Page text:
The screening I attended was cosponsored by the Undergraduate History Association and featured Stephen Kantrowitz, the Civil War specialist among the UW-Madison history faculty, talking about the film and answering questions from the audience about the era and how accurately the film depicted it. His verdict: not bad, could be better. His major problem was that it had nothing to say about the African-American civil rights activists of the time, particularly Frederick Douglass but also Elizabeth Keckley and William Slade, the two black White House servants seen in the movie. I asked how accurately the movie had portrayed Stevens's views on Reconstruction, which I observed to be rather more extreme than Lincoln's; he said that they were exactly that extreme, and pointed out that the last time Stevens had been portrayed on screen, it had been in Birth of a Nation, in which he was portrayed as a villain. He also said, responding to a different question, that in his opinion Reconstruction might well have been more successful under Andrew Johnson than under Lincoln himself. His theory is that Johnson was so hated by Congressional Republicans that they were inspired to push through more radical legislation than they might been willing to under Lincoln. He went so far as to say that the 14th and 15th Amendments might not have been enacted had Congress not been trying so hard to spite Johnson. Interesting!
Wordwise, I have reached Chapter VIII of Part II of The Mysteries of Udolpho. You may be thinking, seven chapters, that's pretty pathetic, but man, there were some really long chapters in there. I can't put it in terms of page numbers because I'm reading it on my Kindle, but according to the progress bar at the bottom of the screen, those seven chapters represent nearly 20% of the whole book! There are 57 chapters total, so you'd expect to be about 35% done after 20 chapters, but in reality I'm already 43% done. The good news is that the action has finally moved to Udolpho, the castle in the Apennine Mountains named in the title, and mysterious things have started to happen. Hallelujah! However, Emily is still a drip.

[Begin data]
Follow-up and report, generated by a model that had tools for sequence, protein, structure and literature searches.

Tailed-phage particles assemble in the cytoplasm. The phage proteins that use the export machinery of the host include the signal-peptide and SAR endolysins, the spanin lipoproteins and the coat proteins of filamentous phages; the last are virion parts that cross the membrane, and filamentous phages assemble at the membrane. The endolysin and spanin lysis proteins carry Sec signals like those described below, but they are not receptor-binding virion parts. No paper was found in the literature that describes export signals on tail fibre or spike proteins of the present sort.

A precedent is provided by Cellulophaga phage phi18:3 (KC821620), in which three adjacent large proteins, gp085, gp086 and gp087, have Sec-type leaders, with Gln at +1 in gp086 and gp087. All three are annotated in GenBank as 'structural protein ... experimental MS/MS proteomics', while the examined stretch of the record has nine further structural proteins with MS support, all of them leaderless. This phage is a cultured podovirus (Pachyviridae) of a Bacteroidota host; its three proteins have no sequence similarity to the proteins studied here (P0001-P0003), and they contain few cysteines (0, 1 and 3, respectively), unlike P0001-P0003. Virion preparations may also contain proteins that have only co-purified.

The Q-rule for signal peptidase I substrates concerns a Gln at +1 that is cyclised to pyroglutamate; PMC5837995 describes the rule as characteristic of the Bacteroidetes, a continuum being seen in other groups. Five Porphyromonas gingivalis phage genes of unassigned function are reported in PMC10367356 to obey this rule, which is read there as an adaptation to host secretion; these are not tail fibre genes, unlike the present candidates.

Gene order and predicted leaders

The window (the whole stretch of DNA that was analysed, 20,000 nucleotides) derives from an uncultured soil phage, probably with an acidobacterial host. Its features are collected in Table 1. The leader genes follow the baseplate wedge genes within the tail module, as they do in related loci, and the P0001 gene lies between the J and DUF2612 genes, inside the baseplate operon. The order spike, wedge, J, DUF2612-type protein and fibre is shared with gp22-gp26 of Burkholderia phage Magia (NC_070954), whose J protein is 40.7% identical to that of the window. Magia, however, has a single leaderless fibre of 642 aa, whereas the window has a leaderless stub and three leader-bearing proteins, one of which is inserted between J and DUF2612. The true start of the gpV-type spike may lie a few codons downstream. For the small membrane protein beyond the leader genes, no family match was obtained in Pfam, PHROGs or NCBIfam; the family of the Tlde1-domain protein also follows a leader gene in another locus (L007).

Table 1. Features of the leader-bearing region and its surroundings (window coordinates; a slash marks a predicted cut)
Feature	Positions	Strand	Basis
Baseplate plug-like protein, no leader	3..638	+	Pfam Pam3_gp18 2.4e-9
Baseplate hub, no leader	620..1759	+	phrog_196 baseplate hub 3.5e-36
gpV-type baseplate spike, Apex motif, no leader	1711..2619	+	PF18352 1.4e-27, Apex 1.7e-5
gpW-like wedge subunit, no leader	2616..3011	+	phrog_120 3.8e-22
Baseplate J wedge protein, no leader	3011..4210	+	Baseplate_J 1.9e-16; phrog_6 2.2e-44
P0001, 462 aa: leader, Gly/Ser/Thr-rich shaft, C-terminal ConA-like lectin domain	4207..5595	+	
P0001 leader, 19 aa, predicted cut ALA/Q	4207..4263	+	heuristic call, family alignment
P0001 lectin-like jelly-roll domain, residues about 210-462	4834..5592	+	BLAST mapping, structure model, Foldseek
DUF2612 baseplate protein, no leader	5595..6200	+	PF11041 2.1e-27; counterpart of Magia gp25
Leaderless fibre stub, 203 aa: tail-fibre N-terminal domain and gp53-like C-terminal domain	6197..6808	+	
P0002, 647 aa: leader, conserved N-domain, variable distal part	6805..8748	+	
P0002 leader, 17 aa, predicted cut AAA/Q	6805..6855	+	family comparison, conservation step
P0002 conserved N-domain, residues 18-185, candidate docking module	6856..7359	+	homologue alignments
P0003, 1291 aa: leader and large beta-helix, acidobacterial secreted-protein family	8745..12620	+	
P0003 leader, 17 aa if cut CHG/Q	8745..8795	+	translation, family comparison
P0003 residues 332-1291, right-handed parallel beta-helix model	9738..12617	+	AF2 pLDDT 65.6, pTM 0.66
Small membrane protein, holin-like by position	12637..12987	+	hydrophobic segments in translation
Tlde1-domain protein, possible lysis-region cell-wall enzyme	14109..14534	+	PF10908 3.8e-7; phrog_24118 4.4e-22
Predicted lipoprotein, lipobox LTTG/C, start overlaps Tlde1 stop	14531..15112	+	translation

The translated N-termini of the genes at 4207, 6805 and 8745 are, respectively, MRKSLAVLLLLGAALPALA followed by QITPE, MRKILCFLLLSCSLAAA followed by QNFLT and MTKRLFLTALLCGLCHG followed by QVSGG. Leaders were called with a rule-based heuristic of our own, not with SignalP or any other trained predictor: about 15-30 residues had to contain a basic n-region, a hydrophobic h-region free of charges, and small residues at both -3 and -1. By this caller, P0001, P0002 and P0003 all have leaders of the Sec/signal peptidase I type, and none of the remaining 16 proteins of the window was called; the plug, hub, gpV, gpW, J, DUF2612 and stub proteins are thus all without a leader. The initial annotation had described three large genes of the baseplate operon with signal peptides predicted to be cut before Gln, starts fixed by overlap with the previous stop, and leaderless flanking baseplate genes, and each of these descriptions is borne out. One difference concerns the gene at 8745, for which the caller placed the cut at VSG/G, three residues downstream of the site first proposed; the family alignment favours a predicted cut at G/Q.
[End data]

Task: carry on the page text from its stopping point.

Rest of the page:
I was inspired by Roger Ebert's death to download and read Enemies, A Love Story by Josh Schollmeyer , an oral history of the Siskel-and-Ebert partnership published last year in Chicagoan magazine and released soon after as a Kindle Single. I enjoyed it, and there's a lot of good inside information about how they first came to work together, but I think it suffers somewhat from a lack of participation by the critics themselves. It's composed entirely from new interviews, so obviously Siskel wasn't available, and Schollmeyer apparently didn't have the chance or chose not to interview Ebert, so their own views on their partnership appear only in the footnotes, in quotes drawn from earlier interviews and articles. Still, it was easily worth the $1.99 I spent on it.
I also read a pair of Lawrence Block short stories released as Kindle Singles. One was "The Ehrengraf Presumption," which I'd read before. Martin Ehrengraf is a criminal defense lawyer who works on contingency, and may or may not use creative methods for proving his clients innocent. It's a fun story. The other was "Looking for David," featuring Block's PI character, Matthew Scudder. It was fine, but suffers somewhat, as many of Block's stories and novels do, from Block's unusual dialogue style, which has never quite rung true to my ear. I don't know, maybe that's the way New Yorkers talk.